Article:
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5.13 Using the Assembler Preprocessor

In QSMM, the assembler preprocessor provides the means of encapsulating similar blocks of source code in macros reusable in an assembler program. Those macros can define nested control transfer structures and produce unique location labels when expanded. The preprocessor also provides the means of including other files in an assembler source file.

The assembler preprocessor returns a single output buffer with a preprocessed program text for an assembler program and all included source files. The preprocessed output might contain ‘line’ directives describing the locations of preprocessed text fragments in source files. The preprocessor includes this information in error and note messages. The assembler includes this information in error, warning, and note messages. The preprocessor also merges (quoted) string literals on a line going one after another and delimited by zero or more whitespace characters into a single string literal.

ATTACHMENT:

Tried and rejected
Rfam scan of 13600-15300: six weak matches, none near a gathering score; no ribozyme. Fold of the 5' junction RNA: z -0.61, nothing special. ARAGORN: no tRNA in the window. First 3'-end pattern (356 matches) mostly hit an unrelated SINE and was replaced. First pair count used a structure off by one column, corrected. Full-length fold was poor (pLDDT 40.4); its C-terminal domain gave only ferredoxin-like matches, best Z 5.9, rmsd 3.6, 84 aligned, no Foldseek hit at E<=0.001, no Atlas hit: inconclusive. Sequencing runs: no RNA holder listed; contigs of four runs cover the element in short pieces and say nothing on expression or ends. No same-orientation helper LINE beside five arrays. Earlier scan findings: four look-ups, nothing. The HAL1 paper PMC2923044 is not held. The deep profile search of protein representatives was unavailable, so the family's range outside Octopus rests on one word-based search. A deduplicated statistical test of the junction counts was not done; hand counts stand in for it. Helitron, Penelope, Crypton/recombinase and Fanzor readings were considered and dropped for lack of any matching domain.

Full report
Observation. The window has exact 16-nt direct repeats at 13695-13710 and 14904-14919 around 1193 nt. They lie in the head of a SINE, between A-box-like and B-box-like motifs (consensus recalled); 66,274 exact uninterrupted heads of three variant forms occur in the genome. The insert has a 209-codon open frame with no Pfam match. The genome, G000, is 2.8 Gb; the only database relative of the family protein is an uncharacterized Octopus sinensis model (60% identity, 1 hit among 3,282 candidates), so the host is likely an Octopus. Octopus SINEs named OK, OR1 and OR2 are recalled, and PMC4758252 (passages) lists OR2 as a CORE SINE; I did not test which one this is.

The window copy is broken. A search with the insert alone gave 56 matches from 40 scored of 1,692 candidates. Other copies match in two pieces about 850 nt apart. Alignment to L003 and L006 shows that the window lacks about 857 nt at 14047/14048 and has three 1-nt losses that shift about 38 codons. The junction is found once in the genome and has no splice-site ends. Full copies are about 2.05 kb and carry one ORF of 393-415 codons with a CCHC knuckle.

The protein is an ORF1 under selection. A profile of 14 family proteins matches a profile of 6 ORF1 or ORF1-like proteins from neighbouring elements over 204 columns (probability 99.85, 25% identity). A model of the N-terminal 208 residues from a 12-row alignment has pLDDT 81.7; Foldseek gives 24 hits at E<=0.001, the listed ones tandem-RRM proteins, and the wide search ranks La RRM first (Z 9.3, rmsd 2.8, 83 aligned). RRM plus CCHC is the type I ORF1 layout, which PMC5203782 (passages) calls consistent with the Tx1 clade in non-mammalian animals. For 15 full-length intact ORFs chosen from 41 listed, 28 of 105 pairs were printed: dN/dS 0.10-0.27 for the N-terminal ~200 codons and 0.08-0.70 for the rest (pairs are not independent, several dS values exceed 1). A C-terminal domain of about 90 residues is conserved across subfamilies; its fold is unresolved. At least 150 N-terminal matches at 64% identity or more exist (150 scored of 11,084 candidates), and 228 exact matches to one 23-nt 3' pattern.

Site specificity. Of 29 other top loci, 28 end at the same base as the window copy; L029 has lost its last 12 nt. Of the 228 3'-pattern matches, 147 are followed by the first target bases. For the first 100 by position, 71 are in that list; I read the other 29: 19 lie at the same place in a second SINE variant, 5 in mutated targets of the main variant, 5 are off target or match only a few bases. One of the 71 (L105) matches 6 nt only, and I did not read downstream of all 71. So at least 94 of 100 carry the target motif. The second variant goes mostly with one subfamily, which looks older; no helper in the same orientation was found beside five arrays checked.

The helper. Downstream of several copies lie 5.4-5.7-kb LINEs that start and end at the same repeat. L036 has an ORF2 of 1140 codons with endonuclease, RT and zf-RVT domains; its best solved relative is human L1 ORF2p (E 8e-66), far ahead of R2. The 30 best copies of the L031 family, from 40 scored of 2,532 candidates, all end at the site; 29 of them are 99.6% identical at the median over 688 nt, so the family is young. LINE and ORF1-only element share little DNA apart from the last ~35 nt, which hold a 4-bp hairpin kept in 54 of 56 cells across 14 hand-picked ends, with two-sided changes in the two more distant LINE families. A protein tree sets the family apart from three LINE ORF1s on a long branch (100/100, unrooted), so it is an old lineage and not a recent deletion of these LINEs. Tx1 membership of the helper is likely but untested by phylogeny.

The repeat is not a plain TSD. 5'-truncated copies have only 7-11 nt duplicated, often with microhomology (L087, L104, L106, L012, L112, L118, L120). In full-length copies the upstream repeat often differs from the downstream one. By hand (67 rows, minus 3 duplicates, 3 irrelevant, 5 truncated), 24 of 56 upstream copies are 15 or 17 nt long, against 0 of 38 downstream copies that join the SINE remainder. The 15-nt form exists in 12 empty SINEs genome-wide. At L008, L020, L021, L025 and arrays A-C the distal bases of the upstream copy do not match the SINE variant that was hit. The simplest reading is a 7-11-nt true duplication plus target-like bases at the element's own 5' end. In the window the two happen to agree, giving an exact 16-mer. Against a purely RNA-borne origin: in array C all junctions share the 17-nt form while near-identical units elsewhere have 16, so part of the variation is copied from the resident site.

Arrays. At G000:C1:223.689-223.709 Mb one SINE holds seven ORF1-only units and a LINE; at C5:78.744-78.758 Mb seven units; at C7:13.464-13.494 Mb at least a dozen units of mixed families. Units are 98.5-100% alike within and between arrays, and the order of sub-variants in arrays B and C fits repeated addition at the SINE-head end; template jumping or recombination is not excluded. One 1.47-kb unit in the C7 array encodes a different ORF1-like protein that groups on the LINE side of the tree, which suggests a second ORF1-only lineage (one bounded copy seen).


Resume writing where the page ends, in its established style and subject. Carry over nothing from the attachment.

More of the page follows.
When performing transformations of a source text, the assembler preprocessor may break the alignment of multi-line comments. This broken alignment may prevent proper detection by the assembler whether a multi-line comment continues on the next line, and the assembler may assign comments to some instructions incorrectly. At present, you cannot generally avoid this shortcoming.

The assembler preprocessor provides only basic features necessary to work with symbols and macros. If you need more sophisticated features to generate the source text of an assembler program, either produce input to the preprocessor using an auxiliary function, program, or script or generate an assembler program that does not require preprocessing by those means directly.

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